Racism at work, not acceptabe… EVER
Every now and again, a complex area of law is thrust into the limelight by the circumstances of a particularly high-profile case.
A recent example of this being the matter of Yorkshire County Cricket Club, whose mishandling of Azeem Rafiq’s historical allegations of racism at work UK became the subject of a major investigation by the digital, culture, media, and sport select committee.
Having dismissed the claims as “friendly and good-natured banter” that didn’t merit disciplinary action, the club found itself engaged in a very public legal, financial and reputational tug-of-war – serving as a stern warning, not just to those in the world of sport, but to employers throughout all other industries too.
Keeping racism from encroaching into the workplace is a moral necessity. Having the appropriate procedures and policies in place should ensure incidents of racial harassment are unlikely to happen, and that if they do, they will be handled in a way that protects the best interests of both your employees and the business as a whole.
There is no doubt that it’s a complex and emotive problem, but ignorance is never an excuse for inaction. Here we take a more in-depth look at how racism at work in UK is viewed by the law, and what business owners can do differently to educate themselves on the matter:
How is racism defined by the law?
Discrimination on the grounds of race was introduced into UK law by the Race Relations Act 1976 and now forms a key part of the Equality Act 2010. Guidance and code of practice were provided by the Equality and Human Rights Commission (EHRC), which whilst not legally binding, do offer a framework to work towards. Those judged to not be abiding by this code are often criticised heavily by courts and tribunals.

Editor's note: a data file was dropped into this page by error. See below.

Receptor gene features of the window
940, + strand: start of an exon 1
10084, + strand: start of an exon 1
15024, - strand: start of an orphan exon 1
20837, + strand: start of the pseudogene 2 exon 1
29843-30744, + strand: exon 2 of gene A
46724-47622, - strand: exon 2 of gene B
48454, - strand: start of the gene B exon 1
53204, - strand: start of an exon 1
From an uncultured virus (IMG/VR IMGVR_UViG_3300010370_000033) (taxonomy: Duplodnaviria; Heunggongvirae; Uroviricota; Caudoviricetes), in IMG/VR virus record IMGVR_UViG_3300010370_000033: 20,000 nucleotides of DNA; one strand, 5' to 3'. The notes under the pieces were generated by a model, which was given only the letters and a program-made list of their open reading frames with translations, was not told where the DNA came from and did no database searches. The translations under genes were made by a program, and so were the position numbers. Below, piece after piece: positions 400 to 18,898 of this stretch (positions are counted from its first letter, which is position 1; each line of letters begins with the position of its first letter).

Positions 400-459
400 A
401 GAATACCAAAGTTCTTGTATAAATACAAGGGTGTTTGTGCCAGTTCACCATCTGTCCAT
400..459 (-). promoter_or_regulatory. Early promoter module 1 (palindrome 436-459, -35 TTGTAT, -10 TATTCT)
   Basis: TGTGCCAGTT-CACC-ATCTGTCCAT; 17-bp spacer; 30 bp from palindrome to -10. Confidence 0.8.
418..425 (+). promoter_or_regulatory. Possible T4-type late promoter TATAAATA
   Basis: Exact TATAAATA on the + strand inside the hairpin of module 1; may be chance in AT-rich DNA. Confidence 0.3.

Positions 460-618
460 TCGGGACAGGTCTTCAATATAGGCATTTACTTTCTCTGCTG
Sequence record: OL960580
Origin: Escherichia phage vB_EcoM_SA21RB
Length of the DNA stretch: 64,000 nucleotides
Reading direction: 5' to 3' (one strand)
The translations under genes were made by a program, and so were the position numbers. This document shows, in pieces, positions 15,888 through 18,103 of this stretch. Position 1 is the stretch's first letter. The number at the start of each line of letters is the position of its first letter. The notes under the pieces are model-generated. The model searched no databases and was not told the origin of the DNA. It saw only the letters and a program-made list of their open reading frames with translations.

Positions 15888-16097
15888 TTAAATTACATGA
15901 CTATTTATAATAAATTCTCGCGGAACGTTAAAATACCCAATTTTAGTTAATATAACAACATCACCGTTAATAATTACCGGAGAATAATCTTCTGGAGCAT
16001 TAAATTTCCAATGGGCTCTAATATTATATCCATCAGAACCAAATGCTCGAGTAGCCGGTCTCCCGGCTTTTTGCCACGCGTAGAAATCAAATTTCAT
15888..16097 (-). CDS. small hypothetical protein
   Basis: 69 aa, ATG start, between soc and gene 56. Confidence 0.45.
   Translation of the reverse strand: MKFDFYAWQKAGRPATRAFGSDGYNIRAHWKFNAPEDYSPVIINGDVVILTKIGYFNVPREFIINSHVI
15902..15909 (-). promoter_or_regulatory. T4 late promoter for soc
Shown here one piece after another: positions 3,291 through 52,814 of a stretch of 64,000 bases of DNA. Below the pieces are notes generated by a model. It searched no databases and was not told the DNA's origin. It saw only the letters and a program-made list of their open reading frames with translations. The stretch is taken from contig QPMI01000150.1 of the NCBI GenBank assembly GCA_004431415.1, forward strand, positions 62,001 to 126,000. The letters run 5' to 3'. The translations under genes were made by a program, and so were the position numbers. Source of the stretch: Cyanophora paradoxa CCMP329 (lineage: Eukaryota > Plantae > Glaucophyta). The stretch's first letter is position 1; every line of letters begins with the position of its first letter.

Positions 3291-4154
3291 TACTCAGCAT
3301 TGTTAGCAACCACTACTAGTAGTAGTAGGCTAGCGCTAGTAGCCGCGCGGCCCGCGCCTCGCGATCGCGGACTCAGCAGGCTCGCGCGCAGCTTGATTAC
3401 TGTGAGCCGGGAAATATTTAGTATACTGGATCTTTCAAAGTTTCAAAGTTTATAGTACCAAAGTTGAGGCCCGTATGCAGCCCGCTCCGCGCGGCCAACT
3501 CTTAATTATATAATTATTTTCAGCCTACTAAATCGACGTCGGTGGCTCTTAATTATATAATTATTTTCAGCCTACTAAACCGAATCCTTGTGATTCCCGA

Understanding exactly what discrimination is will be key to preventing it from occurring in the workplace. The Equality Act 2010 sets out several types of discrimination as they apply to nine protected personal characteristics (one of which is race):
- Direct discrimination – when a person is being treated less favourably because of their race – eg, a black person earning less than a white person doing the same job.
- Indirect discrimination – When workplace policies disadvantage someone due to their race. Eg, banning certain hairstyles or headwear which is worn for cultural reasons, disproportionally affecting people of Black/Asian heritage.
- Associative discrimination – Treating an individual less fairly because they socialise with people of a specific race.
- Perceptive discrimination – Treating someone less fairly because they are believed to be of a different race, even though they aren’t.
- Racial harassment – Infringing an individual’s dignity or creating an intimidating, hostile, degrading, humiliating, or offensive environment by targeting their protected characteristic(s).
How is racism impacting the workplace?
Employment tribunals dealing with race discrimination soared by 48% during 2020. It’s an upward trend that has been evident for some years, growing from 2,036 cases in 2017, to 3,641 by 2020.
High-jinx or misjudged playful interactions between colleagues is a much misunderstood and disregarded catalyst for many race discrimination claims, as would appear to be the case at Yorkshire County Cricket Club.
Implying that any remark with racial connotations is simply ‘banter’ is a dangerous precedent. Although at a glance the difference between overt racism and perceived banter can be negligible, it is the opinion of the target to whom the comments were made that is the most important factor. It should never be about the person who made the remarks, or how they intended their words to be received.
Intention is irrelevant. A comment made with racial undertones will always have the potential to cause a person harm. Assuming something is funny or non-malicious is not an excuse, and criticising someone’s negative response to it will only further marginalise them.
Not acknowledging this, or failing to prevent such potentially destructive repartee, could be enormously costly in the long run.